Atangard Community Project Facing Eviction – Official Press Release

30 March 2018

Media contact: David Fawcett

Atangard Community Project Society
Unit A – 33790 Essendene Ave
Abbotsford, BC, V2S 2H2
Phone: 604-850-1545

Atangard Community Project Facing Eviction – Redevelopment proposal would displace 22 residents from successful affordable co-housing project in downtown Abbotsford

After nearly 9 years in Historic Downtown Abbotsford, the Atangard Community Project could be losing its home. The affordable co-housing project is located in the old Fraser Valley Inn, which is pending demolition. Atangard has allowed an influential community of young adults to play a key role in the cultural and financial revitalization of the formerly stigmatized Historic Downtown Abbotsford.

In 2009, the original residents transformed the second floor of the infamous Fraser Valley Inn into a successful model for densification that includes 19 private rooms and an array of common spaces. Since it was established, Atangard has typically been operating with a double-digit waitlist of potential residents, emphasizing its value as an affordable housing option. It currently provides affordable co-housing for 22 students and young professionals between the ages of 19 and 35.

Atangard’s current location, the Fraser Valley Inn, is slated for redevelopment, which could potentially lead to demolition as soon as August, but more likely within the next 12 months (e.g. winter/spring 2019). This will remove a very successful affordable housing option in Abbotsford, eliminating 19 units and displacing 22 residents into a local rental market that already has a vacancy rate lower than 1%.

Ultimately, the presence of the Atangard in downtown Abbotsford has brought a youthful vigour to the neighbourhood, contributing to its revitalization. For example, in 2010, the project began operating the Jam in Jubilee Summer Concert Series (first established by the Abbotsford Downtown Business Association). Volunteers developed the festival into Abbotsford’s only major youth-oriented yet family friendly event, which since 2016 has existed under the umbrella of the Abbotsford Arts Council. The project has also helped attract a new wave of businesses to the area, supplying an influential segment of their staff and clientele.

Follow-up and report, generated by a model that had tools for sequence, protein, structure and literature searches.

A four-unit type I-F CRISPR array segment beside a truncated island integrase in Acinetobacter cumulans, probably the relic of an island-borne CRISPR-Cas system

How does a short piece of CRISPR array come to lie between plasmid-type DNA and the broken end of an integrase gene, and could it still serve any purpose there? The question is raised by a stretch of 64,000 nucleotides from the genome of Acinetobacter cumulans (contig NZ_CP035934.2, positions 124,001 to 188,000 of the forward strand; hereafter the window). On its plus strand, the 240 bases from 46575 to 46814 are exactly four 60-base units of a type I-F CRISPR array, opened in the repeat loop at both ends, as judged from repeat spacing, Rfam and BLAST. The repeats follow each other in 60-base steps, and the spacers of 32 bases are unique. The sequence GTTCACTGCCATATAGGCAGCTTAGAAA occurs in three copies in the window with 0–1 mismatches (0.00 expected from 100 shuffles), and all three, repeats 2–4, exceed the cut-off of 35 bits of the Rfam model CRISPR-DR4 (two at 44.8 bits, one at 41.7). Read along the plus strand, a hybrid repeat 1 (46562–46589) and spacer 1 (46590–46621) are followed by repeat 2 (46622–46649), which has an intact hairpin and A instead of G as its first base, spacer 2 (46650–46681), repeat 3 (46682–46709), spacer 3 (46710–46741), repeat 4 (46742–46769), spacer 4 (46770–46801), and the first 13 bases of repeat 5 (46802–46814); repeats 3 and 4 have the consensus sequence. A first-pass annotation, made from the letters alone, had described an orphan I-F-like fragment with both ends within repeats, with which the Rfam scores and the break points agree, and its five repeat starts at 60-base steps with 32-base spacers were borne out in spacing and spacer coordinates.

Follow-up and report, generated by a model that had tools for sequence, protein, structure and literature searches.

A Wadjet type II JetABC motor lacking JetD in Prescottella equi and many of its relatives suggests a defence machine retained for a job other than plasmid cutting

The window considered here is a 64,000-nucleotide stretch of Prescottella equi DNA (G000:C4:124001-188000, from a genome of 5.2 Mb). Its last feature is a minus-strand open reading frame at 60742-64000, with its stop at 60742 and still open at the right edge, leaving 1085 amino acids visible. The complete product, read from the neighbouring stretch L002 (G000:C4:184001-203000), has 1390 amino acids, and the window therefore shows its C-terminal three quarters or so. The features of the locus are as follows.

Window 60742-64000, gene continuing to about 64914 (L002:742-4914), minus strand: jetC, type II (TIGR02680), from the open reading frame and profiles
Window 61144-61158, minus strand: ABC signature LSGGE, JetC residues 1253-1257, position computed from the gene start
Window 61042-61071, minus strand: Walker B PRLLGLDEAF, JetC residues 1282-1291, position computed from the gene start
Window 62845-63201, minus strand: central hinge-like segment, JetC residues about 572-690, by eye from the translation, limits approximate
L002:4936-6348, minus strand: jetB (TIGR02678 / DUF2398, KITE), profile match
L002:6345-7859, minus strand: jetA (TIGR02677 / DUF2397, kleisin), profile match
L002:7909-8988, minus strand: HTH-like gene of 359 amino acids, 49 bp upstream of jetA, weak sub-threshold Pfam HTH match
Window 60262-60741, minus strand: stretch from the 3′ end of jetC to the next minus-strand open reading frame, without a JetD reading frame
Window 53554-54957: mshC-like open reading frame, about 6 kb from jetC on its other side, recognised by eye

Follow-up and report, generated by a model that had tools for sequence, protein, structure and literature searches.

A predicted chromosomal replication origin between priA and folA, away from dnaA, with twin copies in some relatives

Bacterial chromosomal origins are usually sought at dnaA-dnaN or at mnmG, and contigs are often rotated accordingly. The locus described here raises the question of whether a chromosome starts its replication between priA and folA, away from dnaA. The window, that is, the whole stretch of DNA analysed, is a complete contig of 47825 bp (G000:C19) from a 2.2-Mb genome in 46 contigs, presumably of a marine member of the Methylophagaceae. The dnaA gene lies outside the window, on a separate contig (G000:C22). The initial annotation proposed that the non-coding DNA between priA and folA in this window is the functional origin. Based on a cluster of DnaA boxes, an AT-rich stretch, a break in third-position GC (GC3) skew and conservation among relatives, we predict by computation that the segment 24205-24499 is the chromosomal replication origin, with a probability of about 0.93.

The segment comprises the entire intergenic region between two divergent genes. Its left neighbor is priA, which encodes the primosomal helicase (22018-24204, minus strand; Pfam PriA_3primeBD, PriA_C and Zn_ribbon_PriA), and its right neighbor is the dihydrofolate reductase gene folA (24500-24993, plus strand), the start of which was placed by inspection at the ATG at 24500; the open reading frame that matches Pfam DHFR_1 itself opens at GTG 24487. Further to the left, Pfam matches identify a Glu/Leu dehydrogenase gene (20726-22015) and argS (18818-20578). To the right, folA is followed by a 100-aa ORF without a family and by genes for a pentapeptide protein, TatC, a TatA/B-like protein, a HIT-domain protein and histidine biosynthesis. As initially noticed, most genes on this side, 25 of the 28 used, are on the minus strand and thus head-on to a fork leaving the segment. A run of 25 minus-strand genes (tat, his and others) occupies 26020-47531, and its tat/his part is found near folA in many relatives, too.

David Fawcett is a resident and the current president of the board of directors, and after two and a half years at Atangard he says he is constantly reminded of the value of the project: “Creating and maintaining quality private affordable housing is important for us, of course, but there are other, ‘softer’ benefits to Atangard’s model that need to be recognized. Our emphasis on community and relationships makes us family, and creates a place of individual and communal growth, and even healing, that is unparalleled in my experience. Even hearing about the positive impacts that living here has on the mental health of many residents – it really is a beautiful thing to be a part of.”

Atangard is hoping they have enough time to find a new home. Residents aren’t despairing: “The response from the downtown community and sense of camaraderie amongst our housemates has been uplifting,” says Fawcett. “Ultimately we’re hoping to find support to carry on our vision and model. Our dream is to be involved in a mixed-used building in some manner, similar to our current location, and hopefully be able to eventually expand to provide affordable community housing for our current demographic as well as families and seniors.”

Images are available by request.